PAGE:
Canadian Olympic athlete Waneek Horn-Miller has been there before and reminds Canadians of how real racism is in this country.
“Canadians are polite racists. They don’t want to recognize the existence of this privilege, “Horn-Miller told CBC Sports.
“When we talk about racism in Canada, it’s not like what we face in the United States. It’s more subtle. It’s indifference. It’s insensitivity. Or people who say they don’t see the color.
This summer marks 30 years since Horn-Miller spent 78 consecutive days on the resistance front lines during the Oka Crisis.
In the summer of 1990, the city of Oka, Quebec, planned to expand a golf course without consultation on a field that locals call The Pines. The land is sacred to the Mohawks, who opposed expansion because this is where their people are buried.
Horn-Miller, Mohawk of Kahnawake, Que., Was only 14 years old when she was responsible for cooking midnight meals and a take-out breakfast with the warriors in the bunkers. She vividly remembers the escalating tension between protesters and police – then the army was brought in.
“It was a horrible use of the military. I have met people on both sides who are still traumatized to this day, “said Horn-Miller.
“I would look at the barrels of hundreds of firearms. I can’t help but think about it while watching today. Thinking about the national guard sent. ”
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On the evening of September 26, the last night of the crisis, Horn-Miller chased him away from the area. She was trying to reach the media barricade that had been moved, fearing that if she did not reach the cameras in time, the soldiers could harm her.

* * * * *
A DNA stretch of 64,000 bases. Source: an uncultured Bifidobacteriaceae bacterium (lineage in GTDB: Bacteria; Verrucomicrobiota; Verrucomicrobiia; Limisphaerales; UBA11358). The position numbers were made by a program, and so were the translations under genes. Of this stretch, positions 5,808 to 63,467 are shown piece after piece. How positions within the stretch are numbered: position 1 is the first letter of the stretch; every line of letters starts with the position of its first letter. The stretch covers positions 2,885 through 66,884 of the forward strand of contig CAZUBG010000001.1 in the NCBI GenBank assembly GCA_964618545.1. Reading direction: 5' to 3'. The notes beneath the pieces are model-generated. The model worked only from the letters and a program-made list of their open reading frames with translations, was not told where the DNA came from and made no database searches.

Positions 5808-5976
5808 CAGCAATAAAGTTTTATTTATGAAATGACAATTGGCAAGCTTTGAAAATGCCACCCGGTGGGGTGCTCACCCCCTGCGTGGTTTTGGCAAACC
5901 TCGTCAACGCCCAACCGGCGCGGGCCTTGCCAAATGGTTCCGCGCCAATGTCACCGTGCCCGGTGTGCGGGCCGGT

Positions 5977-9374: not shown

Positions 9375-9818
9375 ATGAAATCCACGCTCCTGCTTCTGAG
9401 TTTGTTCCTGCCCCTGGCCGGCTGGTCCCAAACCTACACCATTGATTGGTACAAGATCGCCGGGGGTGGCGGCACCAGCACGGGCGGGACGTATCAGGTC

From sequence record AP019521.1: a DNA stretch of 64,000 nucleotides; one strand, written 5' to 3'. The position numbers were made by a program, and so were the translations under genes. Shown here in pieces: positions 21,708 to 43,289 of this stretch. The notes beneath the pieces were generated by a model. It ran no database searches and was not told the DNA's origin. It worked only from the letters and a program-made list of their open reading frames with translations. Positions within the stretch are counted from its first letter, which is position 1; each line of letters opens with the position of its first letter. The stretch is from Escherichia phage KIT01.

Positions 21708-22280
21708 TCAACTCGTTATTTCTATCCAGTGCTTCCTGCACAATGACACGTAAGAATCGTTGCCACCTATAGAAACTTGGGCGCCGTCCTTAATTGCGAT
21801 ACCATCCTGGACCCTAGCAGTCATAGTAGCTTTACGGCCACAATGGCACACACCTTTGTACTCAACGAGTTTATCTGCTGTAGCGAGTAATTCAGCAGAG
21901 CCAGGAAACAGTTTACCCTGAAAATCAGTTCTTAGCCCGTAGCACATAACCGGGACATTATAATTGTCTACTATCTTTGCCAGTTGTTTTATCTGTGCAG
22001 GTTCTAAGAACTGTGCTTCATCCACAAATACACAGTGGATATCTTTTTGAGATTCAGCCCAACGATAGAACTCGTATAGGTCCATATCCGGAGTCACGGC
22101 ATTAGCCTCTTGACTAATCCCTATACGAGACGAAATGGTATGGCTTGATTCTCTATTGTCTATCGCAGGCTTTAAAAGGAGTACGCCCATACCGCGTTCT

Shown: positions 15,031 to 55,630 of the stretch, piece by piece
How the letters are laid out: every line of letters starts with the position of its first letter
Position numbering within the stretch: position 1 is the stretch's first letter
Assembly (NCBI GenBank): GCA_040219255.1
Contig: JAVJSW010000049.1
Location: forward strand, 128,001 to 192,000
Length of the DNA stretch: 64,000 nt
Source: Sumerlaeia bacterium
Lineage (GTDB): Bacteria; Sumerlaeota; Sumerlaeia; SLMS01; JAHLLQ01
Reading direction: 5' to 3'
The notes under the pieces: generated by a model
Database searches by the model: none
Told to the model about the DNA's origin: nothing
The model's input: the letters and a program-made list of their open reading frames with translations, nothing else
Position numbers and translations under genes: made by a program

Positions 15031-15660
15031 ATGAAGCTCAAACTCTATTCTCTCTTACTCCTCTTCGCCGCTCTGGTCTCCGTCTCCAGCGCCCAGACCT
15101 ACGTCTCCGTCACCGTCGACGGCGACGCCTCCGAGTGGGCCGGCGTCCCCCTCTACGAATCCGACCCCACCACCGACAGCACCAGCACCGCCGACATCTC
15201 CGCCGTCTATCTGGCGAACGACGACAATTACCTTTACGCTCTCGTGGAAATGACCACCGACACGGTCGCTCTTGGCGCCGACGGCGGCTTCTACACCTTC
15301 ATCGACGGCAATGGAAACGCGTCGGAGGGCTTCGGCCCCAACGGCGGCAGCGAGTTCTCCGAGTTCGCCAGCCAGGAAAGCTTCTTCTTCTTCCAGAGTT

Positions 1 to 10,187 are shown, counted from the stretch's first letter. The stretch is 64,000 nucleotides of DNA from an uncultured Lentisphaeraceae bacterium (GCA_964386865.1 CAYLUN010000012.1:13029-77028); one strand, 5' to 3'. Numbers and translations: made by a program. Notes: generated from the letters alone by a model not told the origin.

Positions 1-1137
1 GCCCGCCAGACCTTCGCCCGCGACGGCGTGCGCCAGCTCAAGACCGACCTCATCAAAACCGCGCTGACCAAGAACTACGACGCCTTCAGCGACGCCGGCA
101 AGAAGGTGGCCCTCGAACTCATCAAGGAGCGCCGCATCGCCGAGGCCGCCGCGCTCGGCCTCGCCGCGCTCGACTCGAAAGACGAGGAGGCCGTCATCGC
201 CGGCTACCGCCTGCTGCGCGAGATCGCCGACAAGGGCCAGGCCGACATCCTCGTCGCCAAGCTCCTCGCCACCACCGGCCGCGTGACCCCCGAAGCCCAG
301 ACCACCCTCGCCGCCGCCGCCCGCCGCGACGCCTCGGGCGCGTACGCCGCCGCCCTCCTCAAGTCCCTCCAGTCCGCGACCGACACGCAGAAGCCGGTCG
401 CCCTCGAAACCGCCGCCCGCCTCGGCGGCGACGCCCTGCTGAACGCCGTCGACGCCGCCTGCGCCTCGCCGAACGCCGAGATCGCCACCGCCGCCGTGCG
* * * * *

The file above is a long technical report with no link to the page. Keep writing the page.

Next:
They did it.
Horn-Miller was stabbed in the chest by a soldier’s bayonet while running her four-year-old sister Kaniehtiio Horn to safety. The bayonet missed its heart by an inch.
“I looked at one of the soldiers and said,” I know you. ” I pointed at her and put my four year old sister behind my back to protect her and that’s when I was hit in the chest, “recalls Horn-Miller, struggling against her tears.
“I was in such anger, pain, sadness and rage. I thought my body was going to explode. “
Horn-Miller received no medical treatment for 22 hours, was held prisoner on a bus at a makeshift military base.
Turning pain into motivation
It took Horn-Miller a long time to heal from the trauma she experienced in the summer of 1990 – she says the work continues today. She was young, confused and frustrated with Canada’s unequal and unfair feelings for her.
“Anger has been a fundamental part of me for a long time. She was killing me slowly, ”she said.
She used this pain to motivate her. A prolific swimmer, Horn-Miller excelled as a water polo player. She was fierce, grainy and tenacious – qualities that propelled her to the national team.
She was part of the team that won the gold medal at the Pan American Games in 1999 before becoming the first Canadian Mohawk woman to go to the Olympics in 2000.
Horn-Miller’s stardom soared when she was featured on the cover of Time magazine for being a sports heroine and indigenous activist. He drew unprecedented attention to the Canadian water polo program.